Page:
Incoming CAPA Central Region President, Richard Matthews says the changes are not just undemocratic but are an attack on Academic Freedom. “There is a nationwide program of erosion aimed at centralising all functions of university councils and senates in the Vice Chancellor of these institutions. We know that universities are not businesses and the input from academics and students is required to ensure the direction of the academy meets the needs of society as a whole. This is what Academic Freedom is all about. These changes erode that freedom.” he said.
“CAPA will always stand by its affiliates and the importance of student involvement at all levels of university decision making. The Adelaide University Student Representative Council condemns any attempt to reduce the number of professional or academic staff, union officials, or students on University Council and believes that Adelaide University’s highest governing body must be transparent to keep the university community aware and involved in its decisions,” Mr Matthews said.
“CAPA Central Region will work to ensure representation on university governing bodies remains equal with students and staff having equal weight to those appointed by business types.”
For comment contact incoming CAPA Central Region Branch President:
Mr Richard Matthews
0414 275 570

Media release: Taxing university student loans is not the answer

5 December 2016 – The Council of Australian Postgraduate Associations (CAPA) condemns the idea of a loan fee proposed by the Grattan Institute [1] to make money from Australia’s university students.
Justification for a loan fee relies on the myth that the Higher Education Loan Program (HELP) is unsustainable. However, given the recent data from the ABS on Higher Education enrolments [2], it is clear the student numbers are steadying after the introduction of the demand driven system.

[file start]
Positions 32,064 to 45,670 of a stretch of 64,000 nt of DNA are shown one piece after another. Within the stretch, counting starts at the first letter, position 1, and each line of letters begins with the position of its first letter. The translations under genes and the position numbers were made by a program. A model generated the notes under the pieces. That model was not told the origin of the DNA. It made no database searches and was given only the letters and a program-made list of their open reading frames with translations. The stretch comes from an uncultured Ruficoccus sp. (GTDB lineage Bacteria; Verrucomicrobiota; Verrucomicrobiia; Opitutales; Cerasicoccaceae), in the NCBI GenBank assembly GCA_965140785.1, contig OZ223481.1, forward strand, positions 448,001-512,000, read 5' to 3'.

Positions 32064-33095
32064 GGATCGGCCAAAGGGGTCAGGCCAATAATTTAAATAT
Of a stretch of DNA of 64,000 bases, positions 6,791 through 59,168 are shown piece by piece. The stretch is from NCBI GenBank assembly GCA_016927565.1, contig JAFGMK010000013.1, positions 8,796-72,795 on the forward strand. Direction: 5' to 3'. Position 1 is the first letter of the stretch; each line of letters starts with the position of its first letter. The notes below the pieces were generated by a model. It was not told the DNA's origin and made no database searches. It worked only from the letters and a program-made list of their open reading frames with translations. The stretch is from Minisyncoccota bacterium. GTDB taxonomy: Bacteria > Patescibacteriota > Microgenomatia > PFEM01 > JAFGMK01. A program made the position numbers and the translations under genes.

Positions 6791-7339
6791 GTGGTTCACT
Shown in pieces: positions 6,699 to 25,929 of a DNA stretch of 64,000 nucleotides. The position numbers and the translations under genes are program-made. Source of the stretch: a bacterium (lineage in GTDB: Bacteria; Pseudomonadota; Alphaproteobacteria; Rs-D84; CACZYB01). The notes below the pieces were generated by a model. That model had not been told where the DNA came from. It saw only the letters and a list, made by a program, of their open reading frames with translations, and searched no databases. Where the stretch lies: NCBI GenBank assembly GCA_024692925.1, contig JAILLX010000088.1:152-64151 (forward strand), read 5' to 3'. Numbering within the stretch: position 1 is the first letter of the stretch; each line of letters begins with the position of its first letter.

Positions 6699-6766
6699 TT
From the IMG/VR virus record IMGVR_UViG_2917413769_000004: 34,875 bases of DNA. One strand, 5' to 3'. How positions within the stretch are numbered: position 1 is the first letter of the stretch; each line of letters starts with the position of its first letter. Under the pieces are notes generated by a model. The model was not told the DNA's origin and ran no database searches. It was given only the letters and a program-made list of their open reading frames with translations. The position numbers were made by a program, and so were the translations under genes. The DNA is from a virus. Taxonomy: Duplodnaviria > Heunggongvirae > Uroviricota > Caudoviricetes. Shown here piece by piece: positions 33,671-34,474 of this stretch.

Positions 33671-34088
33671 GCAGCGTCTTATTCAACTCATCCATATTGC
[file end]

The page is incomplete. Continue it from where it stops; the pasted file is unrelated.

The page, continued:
The idea of a loan fee suggests that students do not already wish to avoid crippling debt where possible. Subsidising upfront or early repayment of HELP debt is a much better way to encourage payment from those students who have the means to pay early.
Attaching a 15% administration tax on HELP loans will only provide theoretical savings. In reality it will balloon out the national HELP scheme by $700 million and continue to hide the true cost of higher education.
“If the concern is about managing the national HELP debt then policy should focus on encouraging investment in universities to create the innovative jobs of the future and improving employment outcomes,” says Peter Derbyshire, the incoming CAPA National President.
So called ‘bad debt’ has been an ongoing concern of the HELP loan scheme but adding a $700 million administration tax is counterintuitive if the Federal Government really wants these loans repaid.
Furthermore, an administration tax, which does not add any value to higher education, will discourage higher education participation for students from low socio-economic backgrounds.
“Slugging students a fee for using HELP loans would be like slugging patients with a GP-fee increase without the money going back into healthcare. It is time for innovative thinking when it comes to higher education funding policy, not more fee rhetoric,” Mr Derbyshire says.
For comment: Peter Derbyshire, current Western Branch President and incoming National President, CAPA,

[1] Grattan Institute 2016, ‘Shared interest: A universal loan fee for HELP’, <>

[2] Australian Bureau of Statistics 2016, ‘Education and Work, Australia, May 2016’, <>